Jen: This is the PKF Texas Entrepreneur’s Playbook. I’m Jen Lemanski and I’m back again with Frank Landreneau, one of our International Tax Directors. Frank, welcome back to the Playbook.

Frank: Thanks, Jen. It’s great to be back.

Jen: Last time we talked about the GILTI tax. Remind our viewers, if they didn’t watch last time, what does it stand for?

Frank: What GILTI stands for – it’s an acronym for Global Intangible Low Tax Income, and the whole idea is that some level of foreign earnings should be taxed on a current basis in the U.S.

Jen: How does GILTI actually work?

Frank: First of all, you take a look at the foreign corporations’ earnings in its totality. And then, there are a bunch of carve outs, which you take a look at, and then that is the income that would be subject to the GILTI tax.

In theory, it’s supposed to work where a routine return, a normal operating return from normal operations, would be not taxed under GILTI. Any return so called “excess returns,” this would be returns earned through the fact that you’ve got special processes, intellectual property – that type of thing would be subject to the GILTI tax. That’s where the name comes from. There’s a lot of gyrations and calculations needed to get to that amount.

Jen: Are there particular industries that are impacted by this more so than others?

Frank: That’s a great question. Because of the way the Congress decided to spell out this legislation, it’s a mechanical test in how the computation works. Industries with very little or few fixed assets, such as service industries or distributing companies, would be hit more hard than manufacturing companies.

Jen: Would this be something that a company would consider maybe restructuring to a different structure?

Frank: There are some planning ideas. One thought would be for companies that are owned by individuals outright, or what’s common in the U.S. is ownership through pass through entities. Those entities are thinking perhaps putting a domestic corporate blocker entity between the individual owner and the form corporation. There’s some special considerations that are beneficial if you do that structure.

Jen: And does this take in effect already, because of the new tax reform?

Frank: Absolutely. It took effect technically from January 1, because the legislature was signed into law back in December.

Jen: Perfect. Well, we’ll get you back to talking a little bit more about some international tax reform.

Frank: Thank you. There’s plenty to talk about it.

Jen: All right, great. To learn more about other international topics, visit pkftexas.com/internationaldesk. This has been another Thought Leader Production brought to you by PKF Texas The Entrepreneur’s Playbook. Tune in next week for another chapter.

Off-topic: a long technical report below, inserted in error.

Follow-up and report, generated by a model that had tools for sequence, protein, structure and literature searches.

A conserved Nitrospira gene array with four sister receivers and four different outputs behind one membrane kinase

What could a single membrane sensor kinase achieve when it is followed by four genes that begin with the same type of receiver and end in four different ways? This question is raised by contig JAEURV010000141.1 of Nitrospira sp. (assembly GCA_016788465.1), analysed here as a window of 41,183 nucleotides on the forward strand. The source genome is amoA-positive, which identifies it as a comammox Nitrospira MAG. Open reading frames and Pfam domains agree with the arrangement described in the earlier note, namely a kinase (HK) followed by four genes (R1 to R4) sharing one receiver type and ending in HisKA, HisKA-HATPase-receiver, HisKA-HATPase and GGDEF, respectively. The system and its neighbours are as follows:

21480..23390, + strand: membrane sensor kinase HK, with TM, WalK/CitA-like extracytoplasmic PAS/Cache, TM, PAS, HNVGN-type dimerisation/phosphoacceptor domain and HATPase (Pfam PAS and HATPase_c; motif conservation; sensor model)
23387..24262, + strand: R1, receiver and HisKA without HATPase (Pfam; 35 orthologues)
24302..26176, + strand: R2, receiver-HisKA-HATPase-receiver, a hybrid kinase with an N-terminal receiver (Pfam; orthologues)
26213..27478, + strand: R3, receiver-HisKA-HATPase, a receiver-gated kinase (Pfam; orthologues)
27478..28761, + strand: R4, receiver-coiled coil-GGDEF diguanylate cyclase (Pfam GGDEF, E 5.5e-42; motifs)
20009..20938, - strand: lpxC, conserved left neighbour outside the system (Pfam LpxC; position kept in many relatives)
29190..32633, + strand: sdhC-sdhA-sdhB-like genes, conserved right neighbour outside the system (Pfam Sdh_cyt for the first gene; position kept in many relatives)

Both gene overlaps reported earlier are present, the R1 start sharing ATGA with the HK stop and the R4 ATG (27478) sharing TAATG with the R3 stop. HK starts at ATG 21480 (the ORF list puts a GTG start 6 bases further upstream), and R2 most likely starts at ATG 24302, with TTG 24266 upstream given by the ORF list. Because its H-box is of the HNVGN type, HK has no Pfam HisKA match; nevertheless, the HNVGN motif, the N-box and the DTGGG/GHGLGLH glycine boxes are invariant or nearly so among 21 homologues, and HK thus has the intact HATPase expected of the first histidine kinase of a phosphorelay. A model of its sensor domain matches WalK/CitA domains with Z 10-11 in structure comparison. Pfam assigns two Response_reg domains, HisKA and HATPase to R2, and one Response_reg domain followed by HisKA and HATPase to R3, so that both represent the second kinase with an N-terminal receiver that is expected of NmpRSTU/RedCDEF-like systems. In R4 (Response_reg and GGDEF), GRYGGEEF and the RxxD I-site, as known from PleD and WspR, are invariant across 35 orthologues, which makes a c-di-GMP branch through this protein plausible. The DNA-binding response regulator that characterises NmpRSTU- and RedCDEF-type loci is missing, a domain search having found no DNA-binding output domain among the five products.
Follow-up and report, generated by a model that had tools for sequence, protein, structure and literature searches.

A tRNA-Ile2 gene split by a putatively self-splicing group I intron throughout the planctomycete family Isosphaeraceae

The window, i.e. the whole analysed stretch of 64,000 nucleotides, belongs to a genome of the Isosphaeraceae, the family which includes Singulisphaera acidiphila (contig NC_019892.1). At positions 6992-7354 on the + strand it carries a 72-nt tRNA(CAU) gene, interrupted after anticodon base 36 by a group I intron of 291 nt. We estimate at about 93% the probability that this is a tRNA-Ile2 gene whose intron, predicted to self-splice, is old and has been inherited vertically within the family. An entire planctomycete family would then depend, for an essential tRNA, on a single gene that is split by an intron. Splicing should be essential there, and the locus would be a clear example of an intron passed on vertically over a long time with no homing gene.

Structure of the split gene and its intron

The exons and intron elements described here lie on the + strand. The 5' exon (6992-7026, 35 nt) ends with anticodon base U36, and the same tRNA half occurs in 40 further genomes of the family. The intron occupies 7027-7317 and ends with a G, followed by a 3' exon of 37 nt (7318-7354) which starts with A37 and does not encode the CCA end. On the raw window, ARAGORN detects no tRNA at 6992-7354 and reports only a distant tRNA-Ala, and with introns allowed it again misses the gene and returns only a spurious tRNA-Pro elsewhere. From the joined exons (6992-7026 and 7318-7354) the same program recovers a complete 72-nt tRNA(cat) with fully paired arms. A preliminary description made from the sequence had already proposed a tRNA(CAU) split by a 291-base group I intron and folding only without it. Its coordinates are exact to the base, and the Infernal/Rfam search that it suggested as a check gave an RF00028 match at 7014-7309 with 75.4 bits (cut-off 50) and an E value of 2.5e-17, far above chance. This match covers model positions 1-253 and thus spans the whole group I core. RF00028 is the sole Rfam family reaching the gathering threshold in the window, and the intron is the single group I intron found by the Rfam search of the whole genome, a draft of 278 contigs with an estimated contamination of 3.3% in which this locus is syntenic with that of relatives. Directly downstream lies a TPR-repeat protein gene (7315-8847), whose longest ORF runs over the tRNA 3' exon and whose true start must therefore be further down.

Jen: This is the PKF Texas Entrepreneur’s Playbook.  I’m Jen Lemanski, and I’m back again with Frank Landreneau, one of our international tax directors. Frank, welcome back to the Playbook.

Frank: Thank you. It’s great to be back.

Jen: So last time we had you here, you were talking a little bit about tax reform, how it impacts international companies. There’s a territorial tax system now. What is that?

Frank: That’s right. With tax reform we’ve replaced the worldwide tax system with what really is called a quasi-territorial tax system. And what that means is that while corporate shareholders can get dividends from specified core corporations tax free, there still are some hurdles that they have to go through such as dealing with this so-called GILTI tax that’s now in the law.

Jen: GILTI. So, I assume that’s not like “guilty,” but it’s probably an acronym?

Frank: It is, guilty as changed. It’s an acronym for Global Intangible Low Taxed Income, and the idea is that corporations will be taxed on foreign earnings when they operate in low tax jurisdictions.

Jen: So, what happens if they operate in high tax jurisdictions? Will they be taxed in that?

Frank: That’s actually a great question, because the name is deceiving that you’d only be taxed in lox tax jurisdictions. The interesting thing is that for corporate tax payers, they may still pay some tax if they’re in high tax jurisdictions, because of the fact that there’s certain business expense rules and you can only offset this GILTI income tax against 80% of foreign tax credits. So, you never really know where you end up. Now, for individuals, you don’t get this type of treatment for corporations, so that the actual tax bite is higher.

Jen: Okay, well I definitely have some more questions. We’ll get you back to talk a little bit more about the GILTI tax next time. Does that sound good?

Frank: Sounds great. Thank you.

Jen: Perfect, thank you. To learn more about other international topics, visit PKFTexas.com/internationaldesk. This has been another Thought Leader production brought to you by PKF Texas The Entrepreneur’s Playbook.